Dr. Paul Biddinger was at a medical station near the Boston Marathon's "Heartbreak Hill" on April 15 when his pager went off, notifying him of the bombs at the finish line, five miles away.
Biddinger, who directs emergency operations at Massachusetts General Hospital, was standing next to someone from Boston Emergency Medical Services and someone from the state health department as they got similar calls.
They'd drilled for this moment, using actors pretending to be patients, paint bullets and controlled explosions. Federal funding goes to Massachusetts hospitals and emergency teams to train medical personnel to respond to disasters such as the Boston Marathon bombing.
Fortunately, on April 15, within minutes, Biddinger and the other medical responders were headed to where they needed to be.
"I think, given the severity of the injuries of the first patients we received after the bombing, I am absolutely surprised there was not more loss of life," said Biddinger, who arrived at the hospital shortly after the first patients arrived.
But with the final 2013 budget still not settled, the programs that enabled doctors and EMTs to save lives on April 15 may face federal cuts.
Of the 264 patients injured in the twin blasts on Boylston Street at 2:50 p.m., there have been no deaths after the initial three. Although Boston area hospitals initially listed 38 patients in critical condition and 14 patients underwent amputations for their injuries, no one else died. Now, only one patient remains in critical condition.
Hospitals throughout Massachusetts have received funding from the Office of the Assistant Secretary for Preparedness and Response's Hospital Preparedness Program to perform emergency drills that include fake patients. (They also need to have a shadow staff that continues to treat real patients during the exercise.)
And since May 2010, the city has done two 24-hour disaster simulations as part of its annual Urban Shield exercises, which are funded by the Department of Homeland Security. The exercises involved police, EMS teams, SWAT teams and hospitals. In 2011, they prepared to encounter bombs and active shooters as part of an exercise intended to mimic the 2008 Mumbai massacre.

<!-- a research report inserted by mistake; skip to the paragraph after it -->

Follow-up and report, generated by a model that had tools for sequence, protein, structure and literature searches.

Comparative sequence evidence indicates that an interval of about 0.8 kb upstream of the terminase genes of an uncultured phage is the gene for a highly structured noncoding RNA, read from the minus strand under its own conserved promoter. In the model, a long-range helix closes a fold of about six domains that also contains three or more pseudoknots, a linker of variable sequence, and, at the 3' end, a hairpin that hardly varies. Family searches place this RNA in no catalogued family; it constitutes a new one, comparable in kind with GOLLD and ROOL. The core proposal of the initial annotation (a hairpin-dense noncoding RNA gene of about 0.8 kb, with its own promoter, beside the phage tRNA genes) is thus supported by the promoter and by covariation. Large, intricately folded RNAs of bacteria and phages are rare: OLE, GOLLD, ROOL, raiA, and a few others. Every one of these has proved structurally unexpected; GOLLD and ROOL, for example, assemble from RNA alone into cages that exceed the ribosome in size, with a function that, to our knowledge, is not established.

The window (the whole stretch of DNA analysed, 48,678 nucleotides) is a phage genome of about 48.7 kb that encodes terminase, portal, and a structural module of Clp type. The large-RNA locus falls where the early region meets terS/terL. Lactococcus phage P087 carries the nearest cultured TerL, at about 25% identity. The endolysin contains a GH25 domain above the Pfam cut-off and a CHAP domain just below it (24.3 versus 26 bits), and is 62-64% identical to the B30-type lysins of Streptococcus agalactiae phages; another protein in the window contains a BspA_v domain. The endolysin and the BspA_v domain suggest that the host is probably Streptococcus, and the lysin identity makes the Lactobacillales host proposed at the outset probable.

"The realism is heightened. It's not just walking to a garage with props set up," said Boston EMS Chief James "Jimmy" Hooley. "It's noisy. It's sweaty. They run it for 24 hours. It's meant to try to push stress levels a little bit."
But the drills could be in jeopardy. The Hospital Preparedness Program already faces a proposed $125 million dollar cut from the 2014 federal budget, after receiving $379 million in 2012. It's not yet clear what the final 2013 budget will be because of the sequestration.
The program began in 2002 with the Bioterrorism Act, but program director Dr. David Marcozzi said it shifted in 2012 toward building coalitions between hospitals that normally competed for patients and funding.
"No hospital stands alone," Marcozzi said.
That's why the Urban Shield drills involved hospitals as well as first responders and law enforcement, Hooley said.
"In Boston, we did not just invest in bomb robots or radios and stuff," he said. "They have been willing to invest in 'O.K., we need a way to make sure hospitals can work together and cooperate.'"
But that program saw a 30 or 40 percent cut in recent years, and it's not clear what funds will be available this year because of the sequestration, said Rene Fielding, who directs Boston's Office of Emergency management.
Still, the training helped teach teams to "think on the fly," which came in handy during the marathon bombing, she said.
Hooley said the patients first responders determined to be critical – or "red" -- had been rushed to hospitals within 15 minutes of the second blast. About three minutes after that, not a single patient was left on Boylston Street where the bomb went off.
By 3:42 p.m., less than an hour after the explosions, a radio announcement notified ambulances that they could return to regular city service.
"A lot of the training we do … fortunately, it kicked in," Hooley said. "When this did happen, everyone knows not just their roles but what their capabilities are. What you can and what you can't do."
For instance, EMS dispatchers couldn't overwhelm the nearby hospitals. They had to evenly spread the patients out, and know which hospitals were able to handle which patients.
The city emergency teams and hospitals studied what emergency responders learned from the 2005 London subway bombing, the 2004 Madrid train bombing and other mass casualty situations.
Biddinger said hospital employees were able to jump into action as soon as the disaster code was announced after the bombing.
"It's something we wouldn't have been able to do 10 years ago," Biddinger said. "The outcomes are a tremendous credit to all the preparation efforts going on, and I think also a tremendous argument for why those efforts need to continue."